Specifically, I am reasoning of The Rime of the Old Mariner, in which there is a third person narrator referring to the Old Mariner that is informing a story to somebody else. The entirety story is basically the Ancient Mariner"s but told in this fashion through a 3rd perkid.

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The literary work provided _______ ; a method of informing a story within a story



A story within a story can seem a bit simplistic yet hits the nail on the head. The Wikipedia page additionally refers to the phenomenon as a "nested story".

If you want to seem a little bit more scholastic, then the term I recommend is embedding.

The most widely-accepted use of the term "embedding" in the context of narrative concept is to designate the literary gadget of the "story within a story", the framework through which a character in the narrative text becomes the narrator of a 2nd narrative message, framed by the initially one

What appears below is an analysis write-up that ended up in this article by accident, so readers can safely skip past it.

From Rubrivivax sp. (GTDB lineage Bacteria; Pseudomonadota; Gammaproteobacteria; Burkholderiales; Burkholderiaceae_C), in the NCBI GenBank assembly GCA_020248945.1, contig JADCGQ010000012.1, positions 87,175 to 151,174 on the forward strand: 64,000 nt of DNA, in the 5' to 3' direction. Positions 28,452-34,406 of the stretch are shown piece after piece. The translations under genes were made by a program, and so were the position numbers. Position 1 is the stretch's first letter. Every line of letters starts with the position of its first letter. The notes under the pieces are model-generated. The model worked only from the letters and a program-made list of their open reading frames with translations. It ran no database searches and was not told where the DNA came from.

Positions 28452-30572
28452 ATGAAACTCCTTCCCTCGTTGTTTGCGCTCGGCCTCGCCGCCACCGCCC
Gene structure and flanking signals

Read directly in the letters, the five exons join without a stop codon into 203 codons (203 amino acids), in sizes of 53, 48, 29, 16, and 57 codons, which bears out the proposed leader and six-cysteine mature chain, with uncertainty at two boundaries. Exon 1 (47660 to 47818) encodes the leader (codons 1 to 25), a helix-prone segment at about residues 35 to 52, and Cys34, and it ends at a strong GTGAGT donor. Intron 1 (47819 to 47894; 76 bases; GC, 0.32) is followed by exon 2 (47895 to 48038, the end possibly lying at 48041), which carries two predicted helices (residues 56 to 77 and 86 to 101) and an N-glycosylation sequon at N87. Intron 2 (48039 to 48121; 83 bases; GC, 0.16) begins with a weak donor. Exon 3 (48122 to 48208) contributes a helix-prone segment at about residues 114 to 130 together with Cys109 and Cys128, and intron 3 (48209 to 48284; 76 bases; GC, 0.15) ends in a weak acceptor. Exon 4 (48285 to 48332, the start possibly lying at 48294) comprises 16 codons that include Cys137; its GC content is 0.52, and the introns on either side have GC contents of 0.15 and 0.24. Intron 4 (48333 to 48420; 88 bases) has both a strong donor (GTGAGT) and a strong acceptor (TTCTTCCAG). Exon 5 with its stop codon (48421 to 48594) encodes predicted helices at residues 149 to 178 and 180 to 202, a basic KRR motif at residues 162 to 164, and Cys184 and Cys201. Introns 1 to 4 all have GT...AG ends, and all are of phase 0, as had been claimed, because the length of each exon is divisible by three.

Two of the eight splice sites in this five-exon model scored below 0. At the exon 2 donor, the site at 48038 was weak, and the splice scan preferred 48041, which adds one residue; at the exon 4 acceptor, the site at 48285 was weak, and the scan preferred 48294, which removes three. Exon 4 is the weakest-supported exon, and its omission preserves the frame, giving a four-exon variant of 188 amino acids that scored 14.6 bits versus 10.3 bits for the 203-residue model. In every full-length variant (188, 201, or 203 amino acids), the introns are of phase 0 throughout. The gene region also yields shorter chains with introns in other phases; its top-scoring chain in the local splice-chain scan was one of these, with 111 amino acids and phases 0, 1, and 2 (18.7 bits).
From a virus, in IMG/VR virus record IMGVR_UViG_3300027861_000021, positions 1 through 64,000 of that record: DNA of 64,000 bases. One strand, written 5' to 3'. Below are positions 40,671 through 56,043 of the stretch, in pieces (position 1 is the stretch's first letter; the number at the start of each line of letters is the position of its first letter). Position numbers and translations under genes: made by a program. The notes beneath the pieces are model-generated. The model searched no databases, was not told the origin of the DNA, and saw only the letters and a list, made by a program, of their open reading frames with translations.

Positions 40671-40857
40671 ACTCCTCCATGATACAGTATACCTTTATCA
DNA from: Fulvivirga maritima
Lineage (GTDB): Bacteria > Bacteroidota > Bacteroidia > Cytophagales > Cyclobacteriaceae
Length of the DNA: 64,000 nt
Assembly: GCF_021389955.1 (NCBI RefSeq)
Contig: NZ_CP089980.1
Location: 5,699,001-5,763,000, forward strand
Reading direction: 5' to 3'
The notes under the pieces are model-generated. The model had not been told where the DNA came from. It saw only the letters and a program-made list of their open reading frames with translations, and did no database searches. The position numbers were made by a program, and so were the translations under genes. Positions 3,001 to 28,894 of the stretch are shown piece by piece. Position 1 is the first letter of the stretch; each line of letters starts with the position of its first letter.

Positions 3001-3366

(Routledge Encyclopedia of Narrative Theory)

The exact same encyclopaedia also talks about "frame theory" which is worth a read.

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The mise-en-abyme is the literary term for a story within a story.

image within an image : story within a story Merriam-Webster



There"s also:structure narrativeorframework story

Frame narrative: A story in which another story is enclosed or installed as a ‘tale within the tale’, or which consists of numerous such tales. The Oxford Thesaurus of Literary Terms

Frame story/narrative

"We have currently introduced the general notion of enunciative level, loved one to the usage of straight speech in a message. Narrative levels are sindicate enunciative levels where the quoted speech is a narrative. A character in a story tells a story (about his previous, for instance, or a fictional story) and that story is situated at a narrative level which is second with respect to the major story.

What Genette calls intradiegetic story is a story within a story,

not only in the feeling that the initially frames it through a preamble and a conclusion . . . yet also in the sense that the narrator of the second narrative is already a character in the first one, and that the act of narrating which produces the second narrative is an occasion recounted in the initially one." (https://www.unizar.es/departamentos/filologia_inglesa/garciala/publicaciones/structuralnarratology/4.Narration/4.6.Embedding.html)

These are notes from the over connect, I hope they aid in answering the question.